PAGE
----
To weather shocks in Asia-Pacific, strengthen these 4 resilience capacities, says UNDP region chief

Haoliang Xu, UNDP regional director for Asia and the Pacific. Photo by: Paulo Filgueiras / U.N.

BANGKOK — Bangladesh is currently celebrating its entrance into a stipulation period to graduate from “least developed country,” a designation reserved for nations highly vulnerable to economic and environmental shocks. Bangladesh, the largest LDC with a population of more than 160 million people, aims to reach developing country status by 2024.

Along the way, the government will continue to grapple with the effects of climate change and rapid urbanization, and seek to improve skills development programs to cash in on their demographic dividend. Bangladesh is far from the only country in the region trying to balance growth with economic and environmental obstacles — monsoon floods in South Asia, ongoing economic urbanization in Mongolia, and Japan’s rapidly ageing population are just a few examples.

Guarding against these shocks while moving toward sustainable development will require in-country commitment to resilience, but there is also room for capacity building boosts from the international community, Haoliang Xu, United Nations assistant secretary-general and regional director for Asia and the Pacific at the U.N. Development Programme, told Devex at the Fifth Asia-Pacific Sustainable Development Forum.

There are five mega-trends, according to Xu, that characterize the challenge to sustainable development in the region: The shifting of economic power toward Asia, considering the region accounts for 40 percent of the global gross domestic product; the impact of climate change; an increase in inequality; the impact of technology and the Fourth Industrial Revolution; and rapidly ageing societies.  

A report, launched on Wednesday in Bangkok, encourages strengthening resilience against these shocks by considering interconnecting anticipatory, absorptive, adaptive, and transformative capacities.

“I think many countries have combinations of this … they are not exclusive of each other and not necessarily sequential,” Xu said of the actions that describe reducing the impact of shock through planning, coping, and responding to long-term risks, and taking deliberate steps to change the systems that create them.

Xu pointed to a 1999 cyclone in India’s Odisha state that took more than 10,000 lives: “A couple years ago a similar event killed 42 people,” he said. “That is because the systematic changes the state government has introduced, including early warning, evacuation, and early awareness. You could say it’s adaptive because it adapts to change, but it’s also transformative because it really transforms the system to deal with these shocks.”

Bangladesh will need to invest in its research and development and institutional capacity in the years to come to avoid the middle-income trap, according to Xu. But the flood-prone country also already proves an example of transformation, having introduced mobile phone technology to reach 100 million people with an early warning system to facilitate evacuation ahead of a disaster. The system can also alert millions of people to floods two days in advance, providing enough time for those at risk to relocate and bring their assets with them.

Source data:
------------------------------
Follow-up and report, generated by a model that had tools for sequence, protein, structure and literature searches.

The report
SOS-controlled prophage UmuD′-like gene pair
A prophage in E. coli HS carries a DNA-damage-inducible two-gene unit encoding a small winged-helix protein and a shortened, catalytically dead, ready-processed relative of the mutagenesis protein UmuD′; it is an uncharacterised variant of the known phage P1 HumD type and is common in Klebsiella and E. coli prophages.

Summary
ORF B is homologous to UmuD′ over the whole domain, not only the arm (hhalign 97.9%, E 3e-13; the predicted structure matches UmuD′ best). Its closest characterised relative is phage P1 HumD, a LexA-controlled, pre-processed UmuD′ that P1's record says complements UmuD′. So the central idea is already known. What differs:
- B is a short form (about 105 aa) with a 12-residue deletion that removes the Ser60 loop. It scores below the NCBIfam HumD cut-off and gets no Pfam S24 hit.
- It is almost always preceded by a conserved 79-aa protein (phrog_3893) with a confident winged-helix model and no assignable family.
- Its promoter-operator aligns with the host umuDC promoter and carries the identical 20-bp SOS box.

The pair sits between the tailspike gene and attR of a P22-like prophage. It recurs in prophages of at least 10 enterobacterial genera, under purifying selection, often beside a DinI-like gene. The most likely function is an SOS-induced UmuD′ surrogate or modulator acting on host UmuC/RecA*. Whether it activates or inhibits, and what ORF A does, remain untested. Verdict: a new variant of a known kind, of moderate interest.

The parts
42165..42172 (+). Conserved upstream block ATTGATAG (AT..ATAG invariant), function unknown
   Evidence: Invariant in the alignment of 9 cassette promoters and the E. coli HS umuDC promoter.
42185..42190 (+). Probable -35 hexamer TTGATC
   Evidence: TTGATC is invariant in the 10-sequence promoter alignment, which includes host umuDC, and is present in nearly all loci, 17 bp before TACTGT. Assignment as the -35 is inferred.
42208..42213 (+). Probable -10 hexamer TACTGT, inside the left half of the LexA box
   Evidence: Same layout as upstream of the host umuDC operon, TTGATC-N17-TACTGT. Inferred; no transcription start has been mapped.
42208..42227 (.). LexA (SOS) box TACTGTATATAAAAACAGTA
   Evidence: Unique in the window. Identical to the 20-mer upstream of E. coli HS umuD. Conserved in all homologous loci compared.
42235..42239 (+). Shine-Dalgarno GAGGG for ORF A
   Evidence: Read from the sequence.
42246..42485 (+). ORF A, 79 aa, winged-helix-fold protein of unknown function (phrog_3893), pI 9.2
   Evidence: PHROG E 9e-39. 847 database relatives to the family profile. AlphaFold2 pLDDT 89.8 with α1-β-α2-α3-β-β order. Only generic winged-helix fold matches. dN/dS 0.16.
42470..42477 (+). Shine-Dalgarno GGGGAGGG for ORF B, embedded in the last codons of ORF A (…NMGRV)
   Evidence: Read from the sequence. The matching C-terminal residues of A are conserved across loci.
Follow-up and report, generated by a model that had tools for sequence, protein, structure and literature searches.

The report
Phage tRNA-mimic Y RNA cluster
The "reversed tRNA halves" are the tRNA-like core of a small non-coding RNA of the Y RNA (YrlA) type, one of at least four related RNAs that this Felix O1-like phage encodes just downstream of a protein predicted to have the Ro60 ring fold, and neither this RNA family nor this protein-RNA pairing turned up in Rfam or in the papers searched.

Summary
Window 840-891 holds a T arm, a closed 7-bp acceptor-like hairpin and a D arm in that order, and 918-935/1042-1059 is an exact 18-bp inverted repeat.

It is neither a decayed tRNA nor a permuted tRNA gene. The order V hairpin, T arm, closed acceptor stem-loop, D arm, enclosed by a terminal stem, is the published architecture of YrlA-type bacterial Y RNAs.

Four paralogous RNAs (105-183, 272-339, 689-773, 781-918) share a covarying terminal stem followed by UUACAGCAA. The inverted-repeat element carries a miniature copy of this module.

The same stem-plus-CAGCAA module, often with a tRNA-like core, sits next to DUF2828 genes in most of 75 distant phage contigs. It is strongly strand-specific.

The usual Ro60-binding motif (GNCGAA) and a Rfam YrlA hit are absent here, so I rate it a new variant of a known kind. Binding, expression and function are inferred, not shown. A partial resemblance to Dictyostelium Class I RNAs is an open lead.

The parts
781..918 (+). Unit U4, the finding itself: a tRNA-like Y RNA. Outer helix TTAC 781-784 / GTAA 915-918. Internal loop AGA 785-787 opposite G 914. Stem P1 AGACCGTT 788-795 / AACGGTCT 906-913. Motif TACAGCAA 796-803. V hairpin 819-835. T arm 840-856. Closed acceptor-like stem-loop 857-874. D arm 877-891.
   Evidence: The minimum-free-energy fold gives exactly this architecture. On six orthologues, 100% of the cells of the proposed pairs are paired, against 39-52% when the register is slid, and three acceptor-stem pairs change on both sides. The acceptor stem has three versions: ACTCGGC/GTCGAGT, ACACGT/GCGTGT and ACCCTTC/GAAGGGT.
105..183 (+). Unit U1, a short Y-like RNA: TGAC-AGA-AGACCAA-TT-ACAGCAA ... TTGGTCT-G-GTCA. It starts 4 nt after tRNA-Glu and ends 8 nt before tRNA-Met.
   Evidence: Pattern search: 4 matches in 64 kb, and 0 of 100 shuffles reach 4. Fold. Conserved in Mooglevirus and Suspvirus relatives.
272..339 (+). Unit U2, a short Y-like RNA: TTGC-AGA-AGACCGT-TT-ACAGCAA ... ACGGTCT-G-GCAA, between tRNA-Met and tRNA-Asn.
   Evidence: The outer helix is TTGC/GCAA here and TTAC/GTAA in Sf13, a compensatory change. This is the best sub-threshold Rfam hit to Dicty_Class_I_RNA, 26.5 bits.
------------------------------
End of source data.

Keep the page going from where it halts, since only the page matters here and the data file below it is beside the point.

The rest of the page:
“That is what India did and what Philippines did as well,” Xu said. “Now Bangladesh is adopting it, but using a technology approach to aid that process.”

Still, a comprehensive resilience approach is very often stilted by lack of resources, considering developing countries are prioritizing multiple needs, and often strapped by a low tax-to-GDP ratio that limits available resources.

“As the international community, we should work together to assist these countries with traditional overseas development assistance to LDCs or graduating countries, but also work together to leverage global funds that can be used to help them,” Xu said.

In Bhutan, also in the process of graduating from LDC status, UNDP worked with the government to access the World Bank’s Global Environmental Facility Trust Fund, a mechanism for addressing issues like biological diversity, climate change, and land degradation. In the case of Bhutan, the assistance aided in addressing glacial lake outburst floods, when small bodies of water at high altitude accumulate excess water due to melting glaciers until the banks break and wreak havoc downstream.

“This is a good example of working in partnership to leverage international funding to assist LDCs to deal with these major risks,” Xu said. “I think we really have to recognize that what we can do alone is extremely limited but what we can do together with an innovative mindset, that can be significant.”

About the author

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    Kelli Rogers

    Kelli Rogers is a global development reporter for Devex. Based in Bangkok, she covers disaster and crisis response, innovation, women’s rights, and development trends throughout Asia. Prior to her current post, she covered leadership, careers, and the USAID implementer community from Washington, D.C. Previously, she reported on social and environmental issues from Nairobi, Kenya. Kelli holds a bachelor’s degree in journalism from the University of Missouri, and has since reported from more than 20 countries.